Peter Davenport’s National UFO Reporting Center (NUFORC) and the Mutual UFO Network (MUFON) began receiving reports even as the sightings were underway. Witnesses have continued to submit reports over the years, including one from then-governor Fife Symington III, who stated on the tenth anniversary of the event that he saw a “massive, delta-shaped craft” between 8:00 and 8:30, and concluded that “as a pilot and a former Air Force officer, I can say with certainty that this craft did not resemble any man-made object I had ever seen" Kean, Leslie. UFOs: Generals, Pilots, and Government Officials Go on the Record (New York: Harmony Books, 2010), 262.. A great many witnesses from all walks of life had their own stories to tell.

Two MUFON investigators were among the first to piece together a story of what happened that night. William Hamilton concluded that at least seven types of UFOs had appeared—some of them formations of lights, some of them triangular objects with lights, and some disk-shaped objects with lights around the circumference (William F. Hamilton) “Amazing ‘Phoenix Lights’ Event Sequence of 3-13-97".. Media treatments simplified the sightings to two events, one the V-shaped object or objects crossing the state and reaching Phoenix around 8:00 p.m., the other those arcs of brilliant lights southwest of the city about 10:00 p.m. Another MUFON investigator, Richard Motzer, found it peculiar that the 10:00 p.m. event that resulted in so many videos actually attracted few individual witnesses. He also noted that those witnesses all resided at higher altitudes and concluded that these lights were located at great distance from the city over a military test range, and visible only to people whose view was not blocked by an intervening mountain. He also questioned the earlier sightings on the grounds that several witnesses identified the UFO as lights of military aircraft flying in a V-formation at high altitude (Richard Motzer) “The Phoenix Lights, the Real Investigation”, MUFON UFO Journal no.351 (July 1997), 3-6..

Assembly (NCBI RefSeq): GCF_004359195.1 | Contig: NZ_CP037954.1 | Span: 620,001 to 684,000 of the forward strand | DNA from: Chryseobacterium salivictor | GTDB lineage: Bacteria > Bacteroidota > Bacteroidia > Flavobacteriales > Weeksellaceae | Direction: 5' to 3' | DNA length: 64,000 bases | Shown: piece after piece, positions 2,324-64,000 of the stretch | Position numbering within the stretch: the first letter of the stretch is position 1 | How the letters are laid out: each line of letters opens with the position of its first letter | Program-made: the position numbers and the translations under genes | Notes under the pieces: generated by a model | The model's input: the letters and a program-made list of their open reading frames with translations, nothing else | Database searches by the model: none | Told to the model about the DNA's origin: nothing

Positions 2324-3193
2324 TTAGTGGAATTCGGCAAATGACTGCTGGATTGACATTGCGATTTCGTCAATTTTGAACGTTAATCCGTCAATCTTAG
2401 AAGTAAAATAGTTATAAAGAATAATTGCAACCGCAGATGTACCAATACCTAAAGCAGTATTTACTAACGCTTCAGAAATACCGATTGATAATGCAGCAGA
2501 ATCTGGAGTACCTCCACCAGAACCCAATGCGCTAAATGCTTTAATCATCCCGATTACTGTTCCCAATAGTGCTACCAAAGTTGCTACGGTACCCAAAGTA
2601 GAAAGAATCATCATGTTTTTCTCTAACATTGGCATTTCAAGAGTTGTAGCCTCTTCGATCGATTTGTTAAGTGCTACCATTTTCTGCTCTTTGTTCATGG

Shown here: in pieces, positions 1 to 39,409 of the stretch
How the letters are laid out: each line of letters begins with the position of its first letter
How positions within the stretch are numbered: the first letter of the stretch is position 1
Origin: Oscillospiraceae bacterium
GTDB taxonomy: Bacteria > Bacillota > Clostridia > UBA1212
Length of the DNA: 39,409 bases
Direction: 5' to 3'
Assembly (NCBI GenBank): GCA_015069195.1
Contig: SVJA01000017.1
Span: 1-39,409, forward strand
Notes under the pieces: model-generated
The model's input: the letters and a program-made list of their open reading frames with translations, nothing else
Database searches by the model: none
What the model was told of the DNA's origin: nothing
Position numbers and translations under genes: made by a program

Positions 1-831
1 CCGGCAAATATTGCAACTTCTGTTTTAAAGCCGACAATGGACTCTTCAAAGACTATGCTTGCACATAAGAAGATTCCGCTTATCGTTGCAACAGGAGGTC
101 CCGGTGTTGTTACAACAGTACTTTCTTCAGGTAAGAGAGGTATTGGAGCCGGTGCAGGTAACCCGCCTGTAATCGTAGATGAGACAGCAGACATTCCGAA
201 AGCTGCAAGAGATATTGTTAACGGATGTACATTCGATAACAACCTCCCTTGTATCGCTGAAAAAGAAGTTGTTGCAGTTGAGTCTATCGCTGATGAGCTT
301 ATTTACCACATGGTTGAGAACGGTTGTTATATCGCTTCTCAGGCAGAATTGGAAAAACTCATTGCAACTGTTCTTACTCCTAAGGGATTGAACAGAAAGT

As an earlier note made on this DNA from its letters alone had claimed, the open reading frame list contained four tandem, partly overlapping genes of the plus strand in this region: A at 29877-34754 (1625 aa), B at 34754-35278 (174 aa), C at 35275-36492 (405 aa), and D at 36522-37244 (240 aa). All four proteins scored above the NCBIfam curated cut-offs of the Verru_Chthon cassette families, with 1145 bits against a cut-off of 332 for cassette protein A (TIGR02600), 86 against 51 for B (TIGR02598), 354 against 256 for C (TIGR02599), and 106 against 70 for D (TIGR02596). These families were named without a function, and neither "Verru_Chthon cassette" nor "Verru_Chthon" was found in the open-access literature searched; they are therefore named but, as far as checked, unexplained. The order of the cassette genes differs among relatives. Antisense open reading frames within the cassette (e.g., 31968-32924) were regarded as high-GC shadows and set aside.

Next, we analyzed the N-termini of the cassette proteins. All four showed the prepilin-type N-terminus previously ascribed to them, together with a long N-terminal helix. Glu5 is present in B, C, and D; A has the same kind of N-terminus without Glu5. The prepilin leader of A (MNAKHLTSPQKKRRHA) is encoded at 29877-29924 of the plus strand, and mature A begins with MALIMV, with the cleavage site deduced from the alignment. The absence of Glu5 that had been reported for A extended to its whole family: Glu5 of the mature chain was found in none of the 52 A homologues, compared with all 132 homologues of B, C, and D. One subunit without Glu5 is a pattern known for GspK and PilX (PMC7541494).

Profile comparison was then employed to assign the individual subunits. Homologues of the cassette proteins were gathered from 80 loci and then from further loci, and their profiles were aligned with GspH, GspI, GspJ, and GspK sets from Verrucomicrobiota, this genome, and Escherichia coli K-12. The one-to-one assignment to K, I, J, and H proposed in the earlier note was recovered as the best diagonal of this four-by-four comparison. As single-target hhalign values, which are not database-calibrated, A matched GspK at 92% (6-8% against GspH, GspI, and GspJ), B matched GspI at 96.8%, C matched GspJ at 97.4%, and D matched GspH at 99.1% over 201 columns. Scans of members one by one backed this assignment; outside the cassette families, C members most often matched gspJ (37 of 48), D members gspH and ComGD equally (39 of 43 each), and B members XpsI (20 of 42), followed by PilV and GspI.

Further confirmation for military flares as the solution for the 10:00 p.m. events came from ufologist Bruce Maccabee, who triangulated the location of the videotaped lights and found that their distance corresponded to proving grounds some 75 miles from the city (Bruce Maccabee) “Report on the Phoenix Lights Arrays". The Air Force also confirmed that the Maryland National Guard dropped flares there at the time of these sightings. Some diehards continue to defend the 10:00 p.m. lights as UFO events but skeptics and most ufologists alike now accept the flare explanation as the final word, so that the 8:00 p.m. sightings remain the “real” Phoenix Lights.

In contrast to the critical attention paid to the later event, ufologists largely ignored the possibility that aircraft were responsible for the earlier events. A young amateur astronomer with a ten-inch telescope and experience in viewing aircraft had looked at the formation of five lights as it flew over Phoenix and recognized that the lights were attached to the wings of aircraft (Tony Ortega) “The Great UFO Coverup". Skeptics Tony Ortega and Tim Printy found several other qualified witnesses who recognized the lights as military aircraft, and argued that the time it took these lights to pass from Nevada to southeastern Arizona allowed a jet-like speed of be-tween 300 and 400 m.p.h. Further evidence from the one video taken of this flight showed independent motion among the lights, meaning they were not at-tached to a rigid object. Objections that the Phoenix airport should have picked up these aircraft on radar failed because only the lead aircraft would typically carry an active transponder for this type of flight (Tony Ortega) “The Hack and the Quack,” www.phoenixnewtimes.com/1998-03-05/news/the-hack-and-the-quack. (Tim Printy) “The V-formation of lights and my analysis"..